Inside Sources

Russia Can Still Be Defeated, but Time Is Running Out

Senior Fellow (Non-Resident)
Members of the Ukrainian Territorial Defense Forces participate in tactical exercises in the forest near Kyiv, Ukraine, on July 13, 2022. (Maxym Marusenko/NurPhoto via Getty Images)
Members of the Ukrainian Territorial Defense Forces participate in tactical exercises in the forest near Kyiv, Ukraine, on July 13, 2022. (Maxym Marusenko/NurPhoto via Getty Images)

Former Secretary of State Henry Kissinger caused a stir in May when he asserted that, to achieve peace, Kyiv must cede land to Moscow. While realpolitik may one day force Ukraine to consider difficult tradeoffs, we should not assume that Vladimir Putin initiated this war simply to redraw boundaries. He launched this offensive to subordinate Ukraine to Moscow, thoroughly and irreversibly.

After his initial plan to decapitate the Zelensky government failed, he switched tactics, now following an exhaustion strategy based on the use of heavy artillery. But he remains committed to his goal of subjugating Ukraine.

And he has the means to succeed. His easiest route to victory is to cut Ukraine’s access to the sea through Odesa, either by conquering the city or placing it under permanent blockade. Without Odesa, Ukraine will become landlocked and bankrupt. If Putin achieves that goal while continuing his offensive in the east, which has been going on for more than a decade, he will win.

The North Atlantic Treaty Organization members have been providing military support on an ad hoc basis, without reference to a clear military goal and a well-defined concept of operations. It’s almost as if NATO expects the Ukrainian military to model its tactics on whatever weaponry NATO countries happen to be sending this month, regardless of how the situation on the battlefield has evolved.

The key to forcing Putin to abandon his strategic vision is to neutralize Russian artillery—which is the Russian war machine’s greatest strength and the source of its greatest vulnerability, namely, logistics.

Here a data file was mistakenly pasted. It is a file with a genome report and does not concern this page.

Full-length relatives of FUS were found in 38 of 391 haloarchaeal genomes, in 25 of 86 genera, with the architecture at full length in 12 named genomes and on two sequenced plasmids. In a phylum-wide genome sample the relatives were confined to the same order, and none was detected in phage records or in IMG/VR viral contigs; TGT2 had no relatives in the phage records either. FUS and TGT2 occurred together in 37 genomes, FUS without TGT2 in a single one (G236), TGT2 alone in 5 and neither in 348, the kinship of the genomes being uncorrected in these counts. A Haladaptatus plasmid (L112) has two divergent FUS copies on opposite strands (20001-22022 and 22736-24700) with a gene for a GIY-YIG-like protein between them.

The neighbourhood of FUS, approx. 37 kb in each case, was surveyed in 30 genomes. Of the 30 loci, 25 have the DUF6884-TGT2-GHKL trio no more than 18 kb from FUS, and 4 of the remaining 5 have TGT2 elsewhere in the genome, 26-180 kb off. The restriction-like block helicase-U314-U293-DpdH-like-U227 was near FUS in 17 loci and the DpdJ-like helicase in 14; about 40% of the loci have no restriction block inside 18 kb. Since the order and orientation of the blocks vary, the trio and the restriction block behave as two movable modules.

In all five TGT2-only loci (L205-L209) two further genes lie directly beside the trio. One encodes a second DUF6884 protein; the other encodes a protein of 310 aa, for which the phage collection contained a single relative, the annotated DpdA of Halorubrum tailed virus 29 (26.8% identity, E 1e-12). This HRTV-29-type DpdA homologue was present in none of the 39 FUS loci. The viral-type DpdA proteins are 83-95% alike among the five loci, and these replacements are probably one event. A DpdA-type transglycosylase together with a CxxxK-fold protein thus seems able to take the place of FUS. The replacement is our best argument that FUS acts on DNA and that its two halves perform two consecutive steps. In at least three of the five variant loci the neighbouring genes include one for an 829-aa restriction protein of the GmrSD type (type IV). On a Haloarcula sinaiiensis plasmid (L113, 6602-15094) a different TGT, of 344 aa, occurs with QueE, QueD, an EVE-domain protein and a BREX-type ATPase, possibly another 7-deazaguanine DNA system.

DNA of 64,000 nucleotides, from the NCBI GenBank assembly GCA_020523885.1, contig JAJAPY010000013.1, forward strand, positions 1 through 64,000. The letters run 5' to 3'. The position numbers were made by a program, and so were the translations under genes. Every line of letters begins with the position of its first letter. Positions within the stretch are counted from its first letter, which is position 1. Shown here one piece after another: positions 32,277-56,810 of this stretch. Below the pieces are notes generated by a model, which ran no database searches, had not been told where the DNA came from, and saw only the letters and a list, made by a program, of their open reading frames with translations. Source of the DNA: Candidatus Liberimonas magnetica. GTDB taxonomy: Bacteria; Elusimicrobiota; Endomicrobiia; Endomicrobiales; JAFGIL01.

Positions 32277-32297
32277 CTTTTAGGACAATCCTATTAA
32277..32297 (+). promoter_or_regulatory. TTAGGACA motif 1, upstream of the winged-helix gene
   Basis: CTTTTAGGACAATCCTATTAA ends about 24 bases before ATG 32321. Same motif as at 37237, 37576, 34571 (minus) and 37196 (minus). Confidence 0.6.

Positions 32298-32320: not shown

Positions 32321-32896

As ammunition moves from railheads to rear areas and then on to the guns themselves, it follows a torturous route replete with very inviting targets. A strategy based on disrupting Russian logistics would focus on five lines of effort:

* First: Increasing the supply of advanced multiple-launch rocket systems such as HIMARS. These systems allow Ukraine to strike the Russian rear area and, thereby, avoid getting stuck in an artillery duel that Russia will inevitably win in the long term.

* Second: Improving Ukraine’s drone capabilities. Drones offer deep-strike capabilities, which complement the job of multiple-launch rocket systems, and they potentially pose a danger to the Russian navy, which dominates the Black Sea coast.

* Third: Arming Ukraine to eliminate Russia’s drone and artillery complexes. Ukraine needs a steady supply of man-portable air defense systems, counter-battery radars, artillery and ammunition to negate Russia’s artillery-drone capability.

* Fourth: Exploiting a design flaw in Russia’s main battle tanks: their lack of defense against top-attack weaponry. Up to this point, the supply for NATO countries of top-attack weapons has served Ukraine well. There is no need for change, but the West should potentially expand the volume.

* Fifth: Conducting a large-scale counteroffensive. The Ukrainian military is unable to expel every Russian soldier from Ukrainian territory. It must, however, target a specific place, Kherson, with a major blow. Kherson is key because it governs the approaches to Odesa.

Defeat on the battlefield is the only way to persuade Putin to abandon his intention to subordinate Ukraine. A diplomatic approach without military backing will be viewed in Moscow as weakness. It will embolden Putin to continue squeezing Odesa until Ukraine will eventually capitulate. We must not fool ourselves into believing differently.

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